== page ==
Adjacent segment hypermobility after lumbar spine fusion: No association with progressive degeneration of the segment 5 years after surgery.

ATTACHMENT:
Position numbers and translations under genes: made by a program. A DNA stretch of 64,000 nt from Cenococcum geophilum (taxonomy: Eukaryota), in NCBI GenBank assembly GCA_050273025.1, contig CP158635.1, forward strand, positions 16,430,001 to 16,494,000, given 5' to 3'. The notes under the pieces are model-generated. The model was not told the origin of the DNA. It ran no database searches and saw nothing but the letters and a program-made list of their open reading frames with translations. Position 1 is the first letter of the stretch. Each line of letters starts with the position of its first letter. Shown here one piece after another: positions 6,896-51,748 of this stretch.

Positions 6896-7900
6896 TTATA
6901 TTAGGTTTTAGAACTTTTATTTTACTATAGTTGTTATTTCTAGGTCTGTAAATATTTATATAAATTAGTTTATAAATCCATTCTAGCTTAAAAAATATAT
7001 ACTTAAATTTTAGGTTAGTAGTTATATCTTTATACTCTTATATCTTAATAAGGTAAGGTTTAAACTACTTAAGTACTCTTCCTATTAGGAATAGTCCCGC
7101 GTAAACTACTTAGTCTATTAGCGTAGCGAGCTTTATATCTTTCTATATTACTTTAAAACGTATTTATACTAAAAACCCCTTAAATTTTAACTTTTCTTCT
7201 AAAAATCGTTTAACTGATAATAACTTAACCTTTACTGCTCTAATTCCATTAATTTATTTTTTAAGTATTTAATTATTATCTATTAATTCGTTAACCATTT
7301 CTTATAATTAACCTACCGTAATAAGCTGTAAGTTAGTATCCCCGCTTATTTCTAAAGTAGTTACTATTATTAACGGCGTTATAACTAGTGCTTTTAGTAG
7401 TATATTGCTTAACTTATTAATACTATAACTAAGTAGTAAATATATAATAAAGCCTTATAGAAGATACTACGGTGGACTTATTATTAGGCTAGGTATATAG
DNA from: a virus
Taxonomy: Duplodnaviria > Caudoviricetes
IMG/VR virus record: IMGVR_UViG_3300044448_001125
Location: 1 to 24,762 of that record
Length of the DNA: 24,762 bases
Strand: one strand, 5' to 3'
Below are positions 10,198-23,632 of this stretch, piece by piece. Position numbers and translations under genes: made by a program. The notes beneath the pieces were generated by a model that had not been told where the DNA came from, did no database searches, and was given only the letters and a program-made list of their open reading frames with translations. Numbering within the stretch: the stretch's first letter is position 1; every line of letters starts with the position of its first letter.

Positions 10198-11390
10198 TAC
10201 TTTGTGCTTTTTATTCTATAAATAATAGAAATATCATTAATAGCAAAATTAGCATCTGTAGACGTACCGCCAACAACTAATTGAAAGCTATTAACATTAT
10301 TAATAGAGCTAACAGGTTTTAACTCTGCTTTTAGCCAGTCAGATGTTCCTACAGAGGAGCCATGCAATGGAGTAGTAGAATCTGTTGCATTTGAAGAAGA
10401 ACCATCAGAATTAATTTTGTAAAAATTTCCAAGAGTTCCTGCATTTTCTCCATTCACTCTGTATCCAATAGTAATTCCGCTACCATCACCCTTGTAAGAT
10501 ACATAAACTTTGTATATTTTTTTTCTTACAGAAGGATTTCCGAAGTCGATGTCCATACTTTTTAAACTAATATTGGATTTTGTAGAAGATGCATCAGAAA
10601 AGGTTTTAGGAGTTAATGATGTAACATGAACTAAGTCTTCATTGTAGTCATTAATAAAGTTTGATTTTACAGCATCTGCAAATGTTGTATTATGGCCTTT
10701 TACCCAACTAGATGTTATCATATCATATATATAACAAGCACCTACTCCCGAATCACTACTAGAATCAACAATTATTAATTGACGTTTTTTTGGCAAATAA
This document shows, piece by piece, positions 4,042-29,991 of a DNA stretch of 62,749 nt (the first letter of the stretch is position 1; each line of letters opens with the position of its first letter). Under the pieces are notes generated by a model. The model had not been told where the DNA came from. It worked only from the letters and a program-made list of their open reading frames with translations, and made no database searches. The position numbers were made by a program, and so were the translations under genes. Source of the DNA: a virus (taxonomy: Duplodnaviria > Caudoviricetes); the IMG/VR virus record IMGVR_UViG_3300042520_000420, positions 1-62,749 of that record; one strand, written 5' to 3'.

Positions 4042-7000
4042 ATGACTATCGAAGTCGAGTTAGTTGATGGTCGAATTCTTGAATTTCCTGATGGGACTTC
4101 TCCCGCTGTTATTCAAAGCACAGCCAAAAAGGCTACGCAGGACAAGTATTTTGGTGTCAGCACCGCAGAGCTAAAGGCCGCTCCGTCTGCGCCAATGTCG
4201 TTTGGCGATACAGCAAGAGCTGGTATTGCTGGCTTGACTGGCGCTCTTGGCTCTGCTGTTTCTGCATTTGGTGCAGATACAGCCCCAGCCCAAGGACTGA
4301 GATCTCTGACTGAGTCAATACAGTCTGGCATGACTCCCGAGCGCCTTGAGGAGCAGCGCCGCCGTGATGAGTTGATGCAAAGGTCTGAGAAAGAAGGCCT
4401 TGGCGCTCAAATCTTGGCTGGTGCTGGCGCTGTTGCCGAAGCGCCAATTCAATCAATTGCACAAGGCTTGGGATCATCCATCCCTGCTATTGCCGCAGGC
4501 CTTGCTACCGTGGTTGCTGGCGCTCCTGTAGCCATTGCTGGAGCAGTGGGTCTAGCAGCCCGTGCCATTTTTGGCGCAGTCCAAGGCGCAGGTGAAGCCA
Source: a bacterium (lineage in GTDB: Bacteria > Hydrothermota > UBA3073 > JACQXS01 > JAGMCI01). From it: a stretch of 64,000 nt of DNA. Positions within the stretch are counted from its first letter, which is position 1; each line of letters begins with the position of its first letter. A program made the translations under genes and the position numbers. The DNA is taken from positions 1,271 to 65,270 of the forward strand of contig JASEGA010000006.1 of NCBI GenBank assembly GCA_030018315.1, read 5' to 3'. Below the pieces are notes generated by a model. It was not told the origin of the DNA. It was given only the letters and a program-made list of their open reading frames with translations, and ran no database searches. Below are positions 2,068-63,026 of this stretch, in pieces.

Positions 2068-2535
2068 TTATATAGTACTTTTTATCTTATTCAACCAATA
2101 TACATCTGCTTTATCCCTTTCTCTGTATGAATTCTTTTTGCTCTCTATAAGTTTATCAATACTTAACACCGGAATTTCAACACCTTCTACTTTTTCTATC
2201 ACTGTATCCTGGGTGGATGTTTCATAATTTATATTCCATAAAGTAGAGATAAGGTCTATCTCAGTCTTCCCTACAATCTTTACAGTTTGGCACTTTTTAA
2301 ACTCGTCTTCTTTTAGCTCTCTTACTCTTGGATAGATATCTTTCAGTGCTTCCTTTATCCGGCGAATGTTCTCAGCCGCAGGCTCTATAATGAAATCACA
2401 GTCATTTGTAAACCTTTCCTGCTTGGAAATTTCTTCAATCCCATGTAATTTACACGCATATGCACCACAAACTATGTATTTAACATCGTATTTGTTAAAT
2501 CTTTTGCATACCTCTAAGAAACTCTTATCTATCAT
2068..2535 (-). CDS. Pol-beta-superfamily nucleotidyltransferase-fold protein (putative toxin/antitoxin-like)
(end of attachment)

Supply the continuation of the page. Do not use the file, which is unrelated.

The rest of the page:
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Background and purpose Increased intradiscal pressure and relative segmental hypermobility are in vitro observations supporting the idea of increased postoperative load being a reason for progressive degeneration of the free mobile segment adjacent to a lumbar fusion. These mechanisms have been difficult to confirm in clinical studies, and an alternative theory claims instead that the adjacent segment degeneration follows a natural degenerative course in patients who are predisposed. We examined 9 patients 5 years after lumbar fusion, to assess whether relative hypermobility of the segment adjacent to fusion could be correlated to progressive degeneration of the same segment. Patients and methods The 9 patients, all of whom had been treated with a lumbar fusion after a preoperative intervertebral mobility assessment by spinal RSA, were re-examined 5 years after surgery. The intervertebral translations of the vertebra proximal to the fusion were determined by RSA and compared to the mobility of the same lumbar segment before fusion. The disc height and any progressive reduction at the two levels proximal to the one fused were measured on conventional radiographs. Results Adjacent segment mobility 5 years after fusion - expressed as mean transverse, vertical, and sagittal translation of the vertebra proximal to fusion - was not significantly changed compared to the mobility measured before surgery. Increased mobility of the segment seen in 5 individual patients was not associated with progressive degeneration of the same segment or to a poor clinical outcome. Interpretation Hypermobility of the segment adjacent to fusion is not a general finding. Increased mobility that can be seen in certain individuals does not impair the 5-year result. The significance of mechanical alterations in adjacent segment degeneration is uncertain, and it is possibly overestimated.